12 But all too often, rain comes as a deluge or not at all, making its capture and storage elusive. It also is not distributed evenly. The Atacama Desert in northern Chile may go for more than 20 years without rain, whereas Mt. Waialeale on Kauai in the Hawaiian Islands averages more than 12 meters of rain a year. Perhaps most importantly, the growth of our global population has not followed the rain. These facts of life explain the patchiness of water scarcity and abundance. Today, nearly 1 billion people lack access to clean water. If current water consumption patterns continue, two-thirds of the world s population will live in water-stressed conditions by The highly variable tapestry of water scarcity and the conflicts, impacts and risks that derive from it must ultimately be addressed in local watersheds. Governance policies at various geopolitical levels can certainly influence how water is used, but the great spatial variability in water availability and use, along with other influences on hydrologic systems, including local land use, demand that any assessment of potential impacts, risks and sustainability of water use be framed by the physical bounds of the watershed. This explains the recent trend within the Water Footprint Network toward a focus on evaluating the consequences of water footprints in local watersheds. Ongoing calculations of the water footprints of individual products or whole nations have increased awareness that water is consumed throughout the supply chain in the production of all consumer goods. This information will continue to serve an important role in informing public policy around water use and management. Within the corporate world, water footprints enable a greater understanding of the volume of water embedded in products, the potential effects on local watersheds caused by the water use and the probabilities of future water availability to serve the collective needs of the company, communities and nature. Not understanding the collective impacts of water use on the local watersheds can increase risks to the business. As discussed later in this report, both the Conservancy and the Company have embraced and continue to support this important evolution in water footprinting. From a corporate perspective, growing water scarcity and the need to use water in business operations and supply chains pose risks of various types. These business risks can be viewed from two perspectives: one looks at upstream risks, and the other focuses on downstream risks. 4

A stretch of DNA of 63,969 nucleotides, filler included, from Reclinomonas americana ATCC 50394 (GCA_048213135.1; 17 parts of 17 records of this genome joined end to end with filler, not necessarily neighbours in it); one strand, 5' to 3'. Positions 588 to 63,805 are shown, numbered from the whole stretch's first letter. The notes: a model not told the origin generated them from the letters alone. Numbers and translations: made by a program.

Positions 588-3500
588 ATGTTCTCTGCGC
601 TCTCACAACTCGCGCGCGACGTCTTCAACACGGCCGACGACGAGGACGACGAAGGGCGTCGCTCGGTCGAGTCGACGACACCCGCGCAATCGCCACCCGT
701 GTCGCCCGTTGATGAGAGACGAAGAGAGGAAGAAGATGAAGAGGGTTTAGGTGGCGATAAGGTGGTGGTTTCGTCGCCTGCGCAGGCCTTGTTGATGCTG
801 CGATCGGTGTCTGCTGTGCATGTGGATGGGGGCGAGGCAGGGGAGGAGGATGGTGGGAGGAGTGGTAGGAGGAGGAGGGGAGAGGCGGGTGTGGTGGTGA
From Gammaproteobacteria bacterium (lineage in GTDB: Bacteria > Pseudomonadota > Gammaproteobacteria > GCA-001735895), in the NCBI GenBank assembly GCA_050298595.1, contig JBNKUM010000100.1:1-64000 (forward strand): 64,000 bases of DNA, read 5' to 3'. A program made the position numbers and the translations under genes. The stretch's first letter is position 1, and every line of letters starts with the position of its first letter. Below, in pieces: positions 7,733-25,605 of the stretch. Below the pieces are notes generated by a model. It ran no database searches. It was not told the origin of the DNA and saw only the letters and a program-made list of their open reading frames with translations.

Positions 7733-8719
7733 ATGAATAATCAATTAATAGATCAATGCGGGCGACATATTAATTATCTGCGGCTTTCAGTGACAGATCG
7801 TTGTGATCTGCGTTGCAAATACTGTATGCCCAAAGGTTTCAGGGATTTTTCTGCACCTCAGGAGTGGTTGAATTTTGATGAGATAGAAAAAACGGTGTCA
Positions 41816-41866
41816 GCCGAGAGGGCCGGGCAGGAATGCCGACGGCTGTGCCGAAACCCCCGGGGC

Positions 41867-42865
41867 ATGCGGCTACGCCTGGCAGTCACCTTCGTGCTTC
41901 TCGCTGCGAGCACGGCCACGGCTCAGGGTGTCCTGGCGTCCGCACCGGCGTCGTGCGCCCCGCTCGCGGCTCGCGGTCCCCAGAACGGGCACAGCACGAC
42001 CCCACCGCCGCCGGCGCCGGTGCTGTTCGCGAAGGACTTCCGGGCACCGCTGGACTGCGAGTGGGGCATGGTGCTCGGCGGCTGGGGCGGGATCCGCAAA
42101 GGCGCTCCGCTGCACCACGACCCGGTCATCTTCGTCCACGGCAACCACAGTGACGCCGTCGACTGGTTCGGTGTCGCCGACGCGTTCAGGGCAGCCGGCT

13 Upstream business risks are generally centered on the question of whether or not a company can expect to have sufficient supplies of clean water in the future to support its business. This area of risk can be influenced by increasing competition for water resources, growing water scarcity, drought, climate change, water source contamination, infrastructure failure, poorly managed water allocation systems, ineffective public sector management capacity, insufficient water resource management policy and other factors. Downstream business risks stem from the fact that a company s water use and wastewater treatment practices may impact other water users and stakeholders. Water-related risks must be addressed within the context of the local watersheds. It is important to consider the impact of a company s water use in conjunction with the impacts from all water users in the watershed, as impacts are cumulative. The risk of water scarcity and/or poor quality is not only a business risk, but a risk shared with the community and other users. Efficiency improvements are important, but the most appropriate response actions may not always involve reduction of the water footprint (sometimes a reduction of a water footprint is not possible). In many cases, policy and regulatory engagement to support improved management of the shared resource may be a more appropriate response. When water resources are adversely affected by the cumulative impacts from multiple uses, whether those impacts are a result of a company s use, real or perceived, it can affect that company s social license to operate. It also may trigger regulatory responses from governments. These social and political reactions can lead to increased water acquisition and treatment costs, reduced water supply, more stringent wastewater treatment requirements, riskier infrastructure planning and capital investments and potential reputation damage. In rare cases, the business may be shut down by the local government or may otherwise no longer be viable and voluntarily shut down. The Conservancy and the Company have been collaborating on an exploration of various approaches and tools for assessing and managing water-related risk. We are learning as we go. This report summarizes some of our early findings. 1.3 THE NATURE CONSERVANCY S FRESHWATER CONSERVATION GOALS The Nature Conservancy is an international non-governmental organization dedicated to the conservation of biological diversity. The Conservancy s mission is to preserve the plants, animals and natural communities that represent the diversity of life on Earth by protecting the lands and waters they need to survive. The Conservancy s on-the-ground conservation work is carried out in all 50 states in the U.S. and in more than 30 other countries, and it is supported by approximately one million individual members. The Nature Conservancy has protected more than 47 million hectares of land and hundreds of rivers and lakes around the world. While the Conservancy s mission is focused on sustaining the Earth s diversity of plants and animals, the organization s broader contribution to society is in the protection of the life support systems of our planet we cannot protect the diversity of life on this planet, including human life, without protecting the ecosystems that sustain us all. Natural ecosystems provide humanity with clean water, food and fiber. Natural resources derived from ecosystems support major sectors of our economy, whether in the form of fisheries that sustain coastal communities or through tourism economies that rely so heavily upon naturebased recreation. Healthy natural ecosystems perform an array of valuable services with substantial economic values, including purifying our water supplies, sequestering carbon and helping to regulate the climate and hydrologic cycles of our planet. 5